If you want to be a creative designer, add constraints

Josh Meyers
2 min readMar 3


A friend once told me that having no constraints kills creativity. I’m inclined to agree with him.

To me, the concept of creativity has always had more to do with making something great with less input, rather than “thinking outside the box” and making something good with a lot of input.

When you give someone a goal or directive and then give them a sandbox of constraints to play with, the output is generally more clever and clear.

Creativity needs a reason.

Without a solid reason to get creative it can be hard to sift through ideas and come up with a great answer to a question or a solution to a goal.

Take music for an example

I’m a drummer and I hear all the time in the drumming community that if you are in a creative rut, remove half of your drum kit.

It’s simple. Give yourself less to work with but keep the same expectation that you can play a full song or solve a holistic problem and you might marvel at how much more space, opportunity, and dynamic you notice that was previously hidden from you.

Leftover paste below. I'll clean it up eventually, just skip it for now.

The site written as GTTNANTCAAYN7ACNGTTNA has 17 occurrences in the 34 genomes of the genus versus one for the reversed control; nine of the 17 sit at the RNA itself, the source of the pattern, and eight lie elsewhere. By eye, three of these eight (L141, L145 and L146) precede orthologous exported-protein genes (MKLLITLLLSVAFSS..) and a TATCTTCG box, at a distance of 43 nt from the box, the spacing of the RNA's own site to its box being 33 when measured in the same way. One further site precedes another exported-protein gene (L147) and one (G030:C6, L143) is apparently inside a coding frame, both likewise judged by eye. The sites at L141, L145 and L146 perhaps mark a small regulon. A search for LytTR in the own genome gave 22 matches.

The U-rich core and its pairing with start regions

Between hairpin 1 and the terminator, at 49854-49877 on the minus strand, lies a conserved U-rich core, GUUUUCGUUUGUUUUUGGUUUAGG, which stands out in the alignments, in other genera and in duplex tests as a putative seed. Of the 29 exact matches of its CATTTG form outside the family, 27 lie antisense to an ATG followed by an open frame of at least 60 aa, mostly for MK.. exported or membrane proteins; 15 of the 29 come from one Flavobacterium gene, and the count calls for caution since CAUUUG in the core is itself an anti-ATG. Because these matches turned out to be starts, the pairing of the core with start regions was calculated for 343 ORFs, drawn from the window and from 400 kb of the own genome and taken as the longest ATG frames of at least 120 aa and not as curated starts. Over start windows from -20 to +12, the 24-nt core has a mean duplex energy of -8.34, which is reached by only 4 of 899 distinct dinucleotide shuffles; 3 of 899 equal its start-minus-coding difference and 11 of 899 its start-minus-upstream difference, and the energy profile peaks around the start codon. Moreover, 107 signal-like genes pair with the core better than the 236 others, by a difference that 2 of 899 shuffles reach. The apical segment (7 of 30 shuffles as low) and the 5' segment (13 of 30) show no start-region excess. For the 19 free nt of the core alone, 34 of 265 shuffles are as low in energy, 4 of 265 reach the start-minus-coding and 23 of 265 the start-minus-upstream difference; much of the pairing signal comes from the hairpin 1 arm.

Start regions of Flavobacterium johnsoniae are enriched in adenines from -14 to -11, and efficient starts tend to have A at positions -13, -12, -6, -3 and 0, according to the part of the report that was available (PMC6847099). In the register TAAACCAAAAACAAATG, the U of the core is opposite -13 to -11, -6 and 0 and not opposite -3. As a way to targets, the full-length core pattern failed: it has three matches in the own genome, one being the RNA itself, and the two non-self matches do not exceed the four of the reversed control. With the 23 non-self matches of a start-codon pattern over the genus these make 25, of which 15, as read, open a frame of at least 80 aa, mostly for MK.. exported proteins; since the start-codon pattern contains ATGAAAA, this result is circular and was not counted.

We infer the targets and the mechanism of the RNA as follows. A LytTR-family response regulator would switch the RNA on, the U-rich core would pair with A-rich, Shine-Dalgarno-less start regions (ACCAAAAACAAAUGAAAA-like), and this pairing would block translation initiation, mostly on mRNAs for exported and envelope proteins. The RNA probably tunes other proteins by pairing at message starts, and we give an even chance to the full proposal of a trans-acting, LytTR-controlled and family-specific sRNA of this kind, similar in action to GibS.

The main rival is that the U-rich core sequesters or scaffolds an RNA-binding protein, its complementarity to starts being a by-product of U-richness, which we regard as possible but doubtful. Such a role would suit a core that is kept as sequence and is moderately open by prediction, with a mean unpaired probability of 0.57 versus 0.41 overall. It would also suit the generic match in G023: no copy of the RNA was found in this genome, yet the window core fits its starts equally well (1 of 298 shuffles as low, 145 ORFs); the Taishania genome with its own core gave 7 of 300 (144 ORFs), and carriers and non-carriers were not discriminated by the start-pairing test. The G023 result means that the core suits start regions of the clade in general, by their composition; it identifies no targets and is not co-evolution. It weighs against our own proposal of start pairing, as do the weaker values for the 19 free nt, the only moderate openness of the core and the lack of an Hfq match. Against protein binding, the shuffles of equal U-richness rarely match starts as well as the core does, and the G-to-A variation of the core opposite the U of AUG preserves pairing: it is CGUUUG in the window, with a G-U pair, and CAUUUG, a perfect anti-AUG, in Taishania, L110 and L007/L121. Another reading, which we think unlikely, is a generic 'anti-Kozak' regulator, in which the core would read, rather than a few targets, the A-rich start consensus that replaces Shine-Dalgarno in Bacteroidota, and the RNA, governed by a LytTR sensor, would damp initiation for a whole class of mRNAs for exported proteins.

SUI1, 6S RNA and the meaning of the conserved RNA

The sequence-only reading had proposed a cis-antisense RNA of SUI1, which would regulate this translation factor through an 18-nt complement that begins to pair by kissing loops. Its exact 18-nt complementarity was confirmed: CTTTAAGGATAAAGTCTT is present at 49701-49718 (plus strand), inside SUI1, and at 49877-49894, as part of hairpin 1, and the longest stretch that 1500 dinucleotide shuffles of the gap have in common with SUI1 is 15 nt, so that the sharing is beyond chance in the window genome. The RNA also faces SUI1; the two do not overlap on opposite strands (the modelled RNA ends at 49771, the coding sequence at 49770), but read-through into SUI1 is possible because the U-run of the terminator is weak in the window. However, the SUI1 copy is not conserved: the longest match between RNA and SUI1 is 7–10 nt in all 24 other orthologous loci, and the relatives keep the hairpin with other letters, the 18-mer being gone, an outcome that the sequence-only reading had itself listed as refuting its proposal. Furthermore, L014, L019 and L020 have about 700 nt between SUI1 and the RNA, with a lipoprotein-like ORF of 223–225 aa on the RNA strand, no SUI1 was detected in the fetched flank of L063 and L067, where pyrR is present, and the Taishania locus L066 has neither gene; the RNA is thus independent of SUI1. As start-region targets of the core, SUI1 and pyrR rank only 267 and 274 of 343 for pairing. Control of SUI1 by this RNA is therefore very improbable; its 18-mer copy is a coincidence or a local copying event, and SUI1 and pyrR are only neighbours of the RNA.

In this sense, being a creative designer is not the same as being a good designer, a unique designer, or even an aesthetic designer. Being a creative designer is about making great designs, workshops, and products precisely when you are facing constraints.

You’ll be forced to think critically, consider deeper thoughts, and mirror more realistic environments which are fraught with naturally occurring constraints.

Note: These naturally occurring constraints are often the same ones that we set aside during the creative process but that come back to haunt us in development.

Stay in the sandbox

Rather than think outside the box, stay inside it. While thinking outside the proverbial box can be challenging and open up your mind to all that is possible, it often distracts you from what really matters and stunts what you are actually capable of.

Not only will staying inside the box necessitate that you be more creative, it is also more natural. We tend to find ourselves working with people, mediums, and concepts that all come pre-loaded with opportunities and challenges.

Rather than solve unwalled challenges, embrace the existing realities as your sandbox and even add more if you feel it helps focus your thinking.

Parting thought

Creativity is about “making it work” despite the environment’s limitations and shortcomings. It’s not about what you can do as a designer, it’s about what you choose to do.

Add constraints, get more creative.



Josh Meyers